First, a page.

The only problem with that was that as Commissioner of Administration for Jindal, she presided over virtually every facet of state government except the legislative and judicial branches, but worked closely with those as well. State law prohibited her from lobbying the administrative and legislative branches but apparently there was nothing to prevent her from lobbying local governmental entities.

On November 5, 2015, less than two months following our story, Kimberly L. Robinson, an attorney with the Jones Walker law firm, acting on behalf of Ochsner, requested an advisory opinion on the question of whether or not Kristy could legally lobby the state.

A month later, Gov.-elect John Bel Edwards named Robinson as the new Secretary of the Department of Revenue, prompting her resignation from Jones Walker.

http://www.nola.com/politics/index.ssf/2015/12/john_bel_edwards_appoints_kimb.html

Robinson was replaced by R. Gray Sexton as counsel for Kristy.

Sexton was an obvious choice, given his years as Chief Administrator for the Louisiana Board of Ethics. His knowledge of the system was so keen that in 2007, he pulled his own end-run when he resigned and the board immediately rehired him in a new capacity which allowed him to skirt a requirement under a newly-passed ethics law that he disclose clients in his private law practice (how’s that for irony?).

http://blog.nola.com/times-picayune/2007/07/ethics_administrator_quits_the.html

But back to Kristy’s dilemma.

On December 16, Sexton submitted a request to the ethics board to withdraw the request for an advisory opinion. Then, on January 22, 2016, Sexton submitted an Application for Declaratory Opinion on behalf of Kristy. That was followed by a request to withdraw the Application for Declaratory Opinion on March 31. The board granted the request to withdraw at its April 15 meeting.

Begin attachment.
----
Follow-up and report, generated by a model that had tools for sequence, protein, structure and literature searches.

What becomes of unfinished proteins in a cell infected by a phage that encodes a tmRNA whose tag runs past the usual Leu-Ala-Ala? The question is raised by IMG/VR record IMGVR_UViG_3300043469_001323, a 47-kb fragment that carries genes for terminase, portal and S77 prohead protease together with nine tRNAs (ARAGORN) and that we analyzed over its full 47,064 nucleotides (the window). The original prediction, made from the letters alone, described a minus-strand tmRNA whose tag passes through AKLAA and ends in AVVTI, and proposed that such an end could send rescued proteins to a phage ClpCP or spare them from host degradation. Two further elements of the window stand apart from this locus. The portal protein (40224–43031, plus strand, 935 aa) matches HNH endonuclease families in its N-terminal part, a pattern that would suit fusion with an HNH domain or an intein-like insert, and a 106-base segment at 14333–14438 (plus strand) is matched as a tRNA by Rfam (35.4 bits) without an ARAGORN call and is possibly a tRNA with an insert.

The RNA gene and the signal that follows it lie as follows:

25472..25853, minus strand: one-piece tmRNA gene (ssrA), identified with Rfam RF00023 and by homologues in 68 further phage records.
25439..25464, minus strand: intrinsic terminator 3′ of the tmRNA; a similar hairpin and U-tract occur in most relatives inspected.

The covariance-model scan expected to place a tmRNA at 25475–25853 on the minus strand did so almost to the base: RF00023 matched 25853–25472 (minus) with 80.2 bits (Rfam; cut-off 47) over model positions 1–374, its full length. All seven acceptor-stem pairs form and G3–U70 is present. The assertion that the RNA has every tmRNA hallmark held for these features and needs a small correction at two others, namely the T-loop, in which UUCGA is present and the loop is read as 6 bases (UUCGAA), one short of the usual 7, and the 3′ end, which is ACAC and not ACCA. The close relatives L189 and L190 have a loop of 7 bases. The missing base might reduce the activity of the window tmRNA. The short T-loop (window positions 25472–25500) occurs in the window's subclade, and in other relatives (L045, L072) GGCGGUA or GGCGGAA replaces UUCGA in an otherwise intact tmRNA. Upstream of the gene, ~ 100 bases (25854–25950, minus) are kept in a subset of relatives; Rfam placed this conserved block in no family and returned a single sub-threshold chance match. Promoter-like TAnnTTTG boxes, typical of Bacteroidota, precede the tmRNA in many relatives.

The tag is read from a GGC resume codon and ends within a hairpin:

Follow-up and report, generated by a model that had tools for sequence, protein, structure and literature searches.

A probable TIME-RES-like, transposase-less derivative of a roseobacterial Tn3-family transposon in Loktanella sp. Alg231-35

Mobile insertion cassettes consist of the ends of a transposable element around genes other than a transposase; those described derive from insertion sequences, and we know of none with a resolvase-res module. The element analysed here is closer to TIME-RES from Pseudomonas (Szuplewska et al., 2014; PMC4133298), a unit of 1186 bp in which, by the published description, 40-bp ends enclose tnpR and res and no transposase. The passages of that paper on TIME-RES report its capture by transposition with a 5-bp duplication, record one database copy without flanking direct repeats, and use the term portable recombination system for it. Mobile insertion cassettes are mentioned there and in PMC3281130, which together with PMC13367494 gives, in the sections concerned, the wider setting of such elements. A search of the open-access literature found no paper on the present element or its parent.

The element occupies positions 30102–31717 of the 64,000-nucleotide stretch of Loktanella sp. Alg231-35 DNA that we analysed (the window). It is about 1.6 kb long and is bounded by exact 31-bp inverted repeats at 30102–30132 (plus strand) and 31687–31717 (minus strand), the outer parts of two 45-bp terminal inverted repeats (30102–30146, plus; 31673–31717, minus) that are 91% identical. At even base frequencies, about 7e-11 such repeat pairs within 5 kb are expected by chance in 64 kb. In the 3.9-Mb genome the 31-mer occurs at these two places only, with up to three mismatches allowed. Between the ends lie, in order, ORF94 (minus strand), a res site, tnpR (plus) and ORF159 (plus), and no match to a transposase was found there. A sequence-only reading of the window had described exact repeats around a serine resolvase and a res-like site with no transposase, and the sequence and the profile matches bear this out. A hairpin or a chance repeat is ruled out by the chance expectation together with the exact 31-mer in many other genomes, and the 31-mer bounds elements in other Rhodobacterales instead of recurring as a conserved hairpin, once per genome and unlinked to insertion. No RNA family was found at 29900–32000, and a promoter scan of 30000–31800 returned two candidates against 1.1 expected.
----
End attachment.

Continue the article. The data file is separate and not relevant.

The chronology was provided to LouisianaVoice in an e-mail Tuesday (Aug. 2) from Deborah S. Grier, Executive Secretary for the Board of Ethics. Here is that email:

——– Original message ——–

From: Deborah Grier <Deborah.Grier@LA.GOV>

Date: 8/2/16 9:14 AM (GMT-06:00)

To: azspeak@cox.net

Subject: RE: Opinion on Kristy Nichols: Public Records Requests

Good morning, Mr. Aswell:

Pursuant to your public records request of July 29, 2016 regarding an opinion issued by the Board with respect to former Commission of Administration Kristy Nichols’ employment as a lobbyist by Ochsner Health System, please be advised of the following:

A request for an advisory opinion dated November 5, 2015 was submitted by Kimberly L. Robinson with the Jones Walker law firm on behalf of Ochsner Health System and Kristy Nichols.  Ms. Robinson subsequently left the private practice of law and was replaced by R. Gray Sexton as counsel for Ms. Nichols as indicated in correspondence to our office from Mr. Sexton dated December 11, 2015.  On December 16, 2015, a request to withdraw the request for an advisory opinion was submitted to our office.  The Board considered and granted the request to withdraw the request for an advisory opinion at its December 18, 2015 meeting.

 Mr. Sexton, by correspondence dated January 22, 2016, submitted to the Board an Application for Declaratory Opinion on behalf of Ms. Nichols.  A request to withdraw the Application for Declaratory Opinion was received by this office on March 31, 2016.  The Board considered and granted the request to withdraw the Application for Declaratory Opinion at its April 15, 2016 meeting.
No opinion has been rendered by the Board with respect to this issue.
Should you have any questions or need additional information, please do not hesitate to contact me.

Sincerely,
Deborah

Deborah S. Grier
Executive Secretary
Louisiana Board of Ethics

So, what does all that mean?

Could it be that Ochsner and Kristy have decided to let sleeping dogs lie? After all, if she proceeds with lobbying efforts and no one files an official complaint, then it’s no harm, no foul, right? That would certainly run true to form for Jindal’s Gold Standard of Ethics.

A quick check by LouisianaVoice, however, revealed that Kristy is not registered among any of Ochsner Health System’s 10 lobbyists. Sexton told LouisianaVoice today that Ochsner had apparently decided not to pursue the matter and it was his understanding that the company was pursuing “other plans” for Nichols. “Ochsner has a number of other lobbyists,” he said.